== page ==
A new paper in PNAS has made waves. The article, called
comes from Swedish neuroscientists Anders Eklund, Tom Nichols, and Hans Knutsson. According to many of the headlines that greeted "Cluster failure", the paper is a devastating bombshell that could demolish the whole field of functional magnetic resonance imaging (fMRI):
Bug in fMRI software calls 15 years of research into question (Wired) A bug in fMRI software could invalidate 15 years of brain research. This is huge. (ScienceAlert) New Research Suggests That Tens Of Thousands Of fMRI Brain Studies May Be Flawed (Motherboard)
So what's going on here, and is it really this serious? The first thing to note is that the story isn't really new. I've been covering Eklund et al.'s work on the false-positive issue since 2012 (1,2,3,4). Over that time, Eklund and his colleagues have developed the argument that several commonly used fMRI analysis software tools suffer from a basic flaw which leads to elevated false-positive rates when it comes to finding activations associated with tasks or stimuli i.e. finding which brain area 'lights up' during particular tasks. The new paper is just the culmination of this program, and the results - that up to 70% of analyses produce at least one false positive, depending on the software and conditions - won't come as a surprise to anyone who has been following the issue Although there is one unexpected point in "Cluster failure": Eklund et al. reveal that they discovered a different kind of bug in one of the software packages, called AFNI:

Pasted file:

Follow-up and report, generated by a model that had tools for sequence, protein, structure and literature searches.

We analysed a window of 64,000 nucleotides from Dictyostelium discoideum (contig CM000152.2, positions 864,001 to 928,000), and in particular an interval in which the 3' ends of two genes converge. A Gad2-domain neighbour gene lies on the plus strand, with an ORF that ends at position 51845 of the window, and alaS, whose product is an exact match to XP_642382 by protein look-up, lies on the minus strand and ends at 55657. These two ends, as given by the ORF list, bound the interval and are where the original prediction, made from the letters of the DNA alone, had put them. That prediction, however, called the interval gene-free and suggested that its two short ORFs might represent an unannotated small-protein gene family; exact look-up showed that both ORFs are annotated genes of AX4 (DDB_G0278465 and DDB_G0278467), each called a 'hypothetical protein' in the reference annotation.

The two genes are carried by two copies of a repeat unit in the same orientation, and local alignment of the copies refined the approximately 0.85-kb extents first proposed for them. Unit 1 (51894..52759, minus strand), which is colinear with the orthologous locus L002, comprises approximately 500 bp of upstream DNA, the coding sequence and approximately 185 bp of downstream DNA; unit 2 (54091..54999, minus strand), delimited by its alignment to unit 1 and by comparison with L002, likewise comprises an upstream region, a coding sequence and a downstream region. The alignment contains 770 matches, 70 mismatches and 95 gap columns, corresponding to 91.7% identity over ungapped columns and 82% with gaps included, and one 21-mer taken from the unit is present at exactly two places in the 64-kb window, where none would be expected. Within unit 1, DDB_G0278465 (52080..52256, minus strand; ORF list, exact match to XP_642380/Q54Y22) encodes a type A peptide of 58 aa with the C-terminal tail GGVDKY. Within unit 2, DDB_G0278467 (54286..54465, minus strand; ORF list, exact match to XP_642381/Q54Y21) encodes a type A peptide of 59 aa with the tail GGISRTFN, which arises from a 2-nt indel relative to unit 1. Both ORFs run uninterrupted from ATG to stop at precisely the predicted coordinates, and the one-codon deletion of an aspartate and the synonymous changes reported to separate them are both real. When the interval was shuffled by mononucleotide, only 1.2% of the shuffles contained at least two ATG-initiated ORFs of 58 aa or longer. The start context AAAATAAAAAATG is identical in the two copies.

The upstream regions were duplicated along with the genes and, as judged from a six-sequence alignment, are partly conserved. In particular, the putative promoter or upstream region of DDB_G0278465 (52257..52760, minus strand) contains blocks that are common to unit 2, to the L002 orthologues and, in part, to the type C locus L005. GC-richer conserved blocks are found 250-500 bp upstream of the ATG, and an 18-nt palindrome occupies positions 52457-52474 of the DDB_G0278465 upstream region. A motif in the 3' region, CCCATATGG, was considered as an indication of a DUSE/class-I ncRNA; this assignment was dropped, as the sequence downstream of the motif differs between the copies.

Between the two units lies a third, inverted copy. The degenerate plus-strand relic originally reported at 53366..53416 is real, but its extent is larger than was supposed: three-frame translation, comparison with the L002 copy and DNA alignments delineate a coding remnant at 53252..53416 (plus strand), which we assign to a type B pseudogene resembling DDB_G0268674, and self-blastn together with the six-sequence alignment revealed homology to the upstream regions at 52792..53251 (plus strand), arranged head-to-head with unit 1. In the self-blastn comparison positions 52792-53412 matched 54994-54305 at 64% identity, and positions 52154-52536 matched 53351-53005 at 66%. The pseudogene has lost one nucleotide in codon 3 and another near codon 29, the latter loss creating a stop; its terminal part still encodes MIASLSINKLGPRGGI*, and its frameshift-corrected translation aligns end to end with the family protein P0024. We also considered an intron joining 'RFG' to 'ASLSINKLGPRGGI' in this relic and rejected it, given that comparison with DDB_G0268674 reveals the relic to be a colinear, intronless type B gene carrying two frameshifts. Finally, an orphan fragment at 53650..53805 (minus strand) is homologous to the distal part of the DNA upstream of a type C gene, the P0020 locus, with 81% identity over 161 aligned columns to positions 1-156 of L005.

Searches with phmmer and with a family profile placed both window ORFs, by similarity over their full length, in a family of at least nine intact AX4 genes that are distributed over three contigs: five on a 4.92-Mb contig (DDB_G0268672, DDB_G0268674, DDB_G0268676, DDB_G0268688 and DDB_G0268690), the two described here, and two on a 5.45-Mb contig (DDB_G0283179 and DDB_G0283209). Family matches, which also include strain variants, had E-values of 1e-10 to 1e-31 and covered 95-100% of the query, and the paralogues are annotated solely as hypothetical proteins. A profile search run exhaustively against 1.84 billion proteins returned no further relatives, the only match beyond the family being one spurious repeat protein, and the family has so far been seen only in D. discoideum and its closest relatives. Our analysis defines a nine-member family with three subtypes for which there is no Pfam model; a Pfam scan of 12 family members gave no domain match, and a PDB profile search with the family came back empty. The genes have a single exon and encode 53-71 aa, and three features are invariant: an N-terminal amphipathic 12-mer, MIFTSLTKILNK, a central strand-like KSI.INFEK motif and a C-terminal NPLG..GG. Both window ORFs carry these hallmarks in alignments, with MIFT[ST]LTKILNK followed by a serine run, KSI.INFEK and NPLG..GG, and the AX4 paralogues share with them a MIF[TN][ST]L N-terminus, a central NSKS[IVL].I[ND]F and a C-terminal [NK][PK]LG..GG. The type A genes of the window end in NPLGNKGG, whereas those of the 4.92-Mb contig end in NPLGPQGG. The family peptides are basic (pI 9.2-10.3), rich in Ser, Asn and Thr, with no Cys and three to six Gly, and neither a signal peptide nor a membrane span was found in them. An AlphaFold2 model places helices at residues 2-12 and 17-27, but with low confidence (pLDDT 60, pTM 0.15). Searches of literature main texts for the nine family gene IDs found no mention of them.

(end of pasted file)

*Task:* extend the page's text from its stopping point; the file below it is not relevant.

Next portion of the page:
A 15-y-old bug was found in [AFNI's tool] 3dClustSim while testing the three software packages (the bug was fixed by the AFNI group as of May 2015, during preparation of this manuscript). The bug essentially reduced the size of the image searched for clusters, underestimating the severity of the multiplicity correction and overestimating significance (i.e., 3dClustSim FWE P values were too low)
This is a new and important issue, but this new bug only applies to AFNI, not other widely-used packages such as FSL and SPM. As to the question of how serious this is, in my view, it's very serious, but it doesn't "invalidate 15 years of brain research" as the headline had it. For one thing, the issue only affects fMRI, and most brain research does not use fMRI. Moreover, Eklund et al.'s findings don't call all fMRI studies into question - the problem only affects activation mapping studies. Yet while these experiments are common, they are far from the only application of fMRI. Studies of functional connectivity or multi-voxel pattern analysis (MVPA) are increasingly popular and they're not, as far as I can see, likely to be affected. Finally, it's important to remember that "70% chance of finding at least one false positive" does not imply that "70% of positives are false". If there are lots of true positives, only a minority of positives will be false. It's impossible to directly know the true positive rate, however. Update 15th July 2016: Tom Nichols, one of the authors of 'Cluster Failure', reports that he's requested some corrections to the paper in order to remove some of the statements that led to "misinterpretations" of the study (i.e. to those hyped headlines). However, PNAS did not agree to the correction, so Nichols has posted it on PubMed Commons, here.
Eklund A, Nichols TE, & Knutsson H (2016). Cluster failure: Why fMRI inferences for spatial extent have inflated false-positive rates. Proceedings of the National Academy of Sciences of the United States of America PMID: 27357684